The Mountain Laurel
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The Undying Past Of Shenandoah National Park

By Shenandoah Natural History Association

Issue: November, 1989

The human story of Shenandoah National Park, ranging from the life of ancient spear-hunters to the celebration of the Park's 50th anniversary in July 1986, is now available in a 330 page paperback book. It is available at the Park's visitors centers, elsewhere in Virginia counties and throughout the country. Clothbound books are also available.

The new work, resulting from many years of research and interviewing by Darwin Lambert, is entitled "The Undying Past of Shenandoah National Park." It deals authoritatively with the dramatic confrontation of the 1920's and 1930's between Virginia leaders wanting the Park and resisting owners and residents of the private land that the Park, as envisioned by Congress, would require.

Harry F. Byrd, Jr., U.S. Senator 1965-83, wrote the book's foreword. He has been involved with the Park all his life. His father, along with Will Carson of Riverton-Front Royal, George Pollock of Skyland, L. Ferdinand Zerkel of Luray, Col. H.J. Benchoff of Woodstock, and others, was a major influence in establishing the Park. Byrd Jr. said "this book is a definitive history." It celebrates the early explorers, the plantation people who once owned and used the mountain land, the mountain residents, the miners and processors of iron, copper and manganese, the valley cattlemen who owned and used extensive pastures in the Blue Ridge, and the people responsible for the Park's operation.

Byrd said Shenandoah "was the first national park ever to be formed entirely from land that had all been lived on and used by private owners." In narrating that process, the author presents many mountain characters, such as Aaron Nicholson, "King of Free State Hollow"; "Alexander the Great" who owned the largest tract, 24,000 acres at Park purchase time, but was confined in state prison; Isaac Overall who bought and held 28,000 acres of the Park land; and Bob Via who took the case against condemnation of the Park land all the way to the U.S. Supreme Court and came close to winning. It tells of two Presidents' crucial contributions to the Park's establishment and development, taking personal action in these mountains.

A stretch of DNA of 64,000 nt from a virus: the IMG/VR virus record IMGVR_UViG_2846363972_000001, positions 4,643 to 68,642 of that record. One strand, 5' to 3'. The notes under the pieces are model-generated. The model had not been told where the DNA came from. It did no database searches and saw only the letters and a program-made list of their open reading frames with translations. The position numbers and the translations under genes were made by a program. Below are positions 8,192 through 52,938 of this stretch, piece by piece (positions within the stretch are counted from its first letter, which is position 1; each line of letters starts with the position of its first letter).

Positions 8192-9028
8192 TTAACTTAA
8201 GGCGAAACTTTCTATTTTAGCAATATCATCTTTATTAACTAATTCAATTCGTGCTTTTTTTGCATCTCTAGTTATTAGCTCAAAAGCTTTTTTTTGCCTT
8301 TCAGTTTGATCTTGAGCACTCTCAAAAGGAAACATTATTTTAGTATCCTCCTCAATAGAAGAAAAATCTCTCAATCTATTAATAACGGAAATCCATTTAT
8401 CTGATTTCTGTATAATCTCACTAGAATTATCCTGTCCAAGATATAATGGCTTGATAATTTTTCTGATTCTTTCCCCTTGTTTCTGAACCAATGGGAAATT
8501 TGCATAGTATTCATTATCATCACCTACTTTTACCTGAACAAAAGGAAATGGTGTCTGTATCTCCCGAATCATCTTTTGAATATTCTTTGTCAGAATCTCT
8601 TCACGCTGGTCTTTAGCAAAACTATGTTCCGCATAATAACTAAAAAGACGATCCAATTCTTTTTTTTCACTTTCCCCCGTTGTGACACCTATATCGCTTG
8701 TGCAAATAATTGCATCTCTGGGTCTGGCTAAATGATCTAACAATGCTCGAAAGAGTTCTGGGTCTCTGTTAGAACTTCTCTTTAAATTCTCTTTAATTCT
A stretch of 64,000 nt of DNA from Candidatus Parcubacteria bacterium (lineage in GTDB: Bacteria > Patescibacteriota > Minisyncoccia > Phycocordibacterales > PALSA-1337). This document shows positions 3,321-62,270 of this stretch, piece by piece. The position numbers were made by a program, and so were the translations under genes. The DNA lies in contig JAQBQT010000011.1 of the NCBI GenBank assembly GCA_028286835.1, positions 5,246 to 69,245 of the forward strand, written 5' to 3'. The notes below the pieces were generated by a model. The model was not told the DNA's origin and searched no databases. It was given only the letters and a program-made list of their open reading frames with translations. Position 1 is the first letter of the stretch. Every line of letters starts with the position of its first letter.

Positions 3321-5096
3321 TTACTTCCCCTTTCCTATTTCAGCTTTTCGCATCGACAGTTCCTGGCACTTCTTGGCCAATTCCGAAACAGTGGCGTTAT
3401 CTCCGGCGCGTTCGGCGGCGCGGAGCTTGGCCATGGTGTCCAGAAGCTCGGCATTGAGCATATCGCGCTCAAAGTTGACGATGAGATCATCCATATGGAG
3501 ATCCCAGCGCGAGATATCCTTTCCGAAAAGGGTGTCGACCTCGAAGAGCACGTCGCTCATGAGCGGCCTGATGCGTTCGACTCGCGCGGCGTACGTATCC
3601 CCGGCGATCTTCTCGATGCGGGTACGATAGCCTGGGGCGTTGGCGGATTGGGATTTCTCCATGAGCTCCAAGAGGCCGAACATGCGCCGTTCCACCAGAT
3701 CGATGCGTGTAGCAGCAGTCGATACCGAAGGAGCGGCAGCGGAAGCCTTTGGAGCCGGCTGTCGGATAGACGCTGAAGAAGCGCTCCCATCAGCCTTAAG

Appended features of special interest include a list of a hundred cemeteries in the Park with directions on how to hunt for them, the names of all the landowners with acreages and dollar values decided by the courts, and the names of heads of households living in the Park. Officers and directors of organizations promoting the Park are also listed, as are more than two hundred people who helped the author learn the history.

The book has 180 illustrations, photos of mountain residents (six generations of one family are represented), old tintype and glass-plate photos of mountain plantation folk and buildings, pictures of three generations of valley and Blue Ridge cattlemen, drawings of Indian dwellings, tools and activities, photos of nationally known Park experts inspecting this site, old and new maps, and war drawings including one of only two portraits from the life of Stonewall Jackson.

Author Lambert was the first National Park Service employee sworn in when the official Park staff was started at Luray on March 1, 1936. He soon resigned to write and sell the first Park guidebook, "Beautiful Shenandoah." Among his other books are "Herbert Hoover's Hideaway" and "The Earth-Man Story." He and his wife Eileen live in their old log house just outside the park boundary. Both have written for "Reader's Digest" and nationally circulated conservation, travel, and nature magazines.

You may order your paperback copy from the Shenandoah Natural History Association, Route 4, Box 348, Luray, Virginia 22835 for $14.95 plus 4.5% sales tax and $2.50 shipping and handling charges.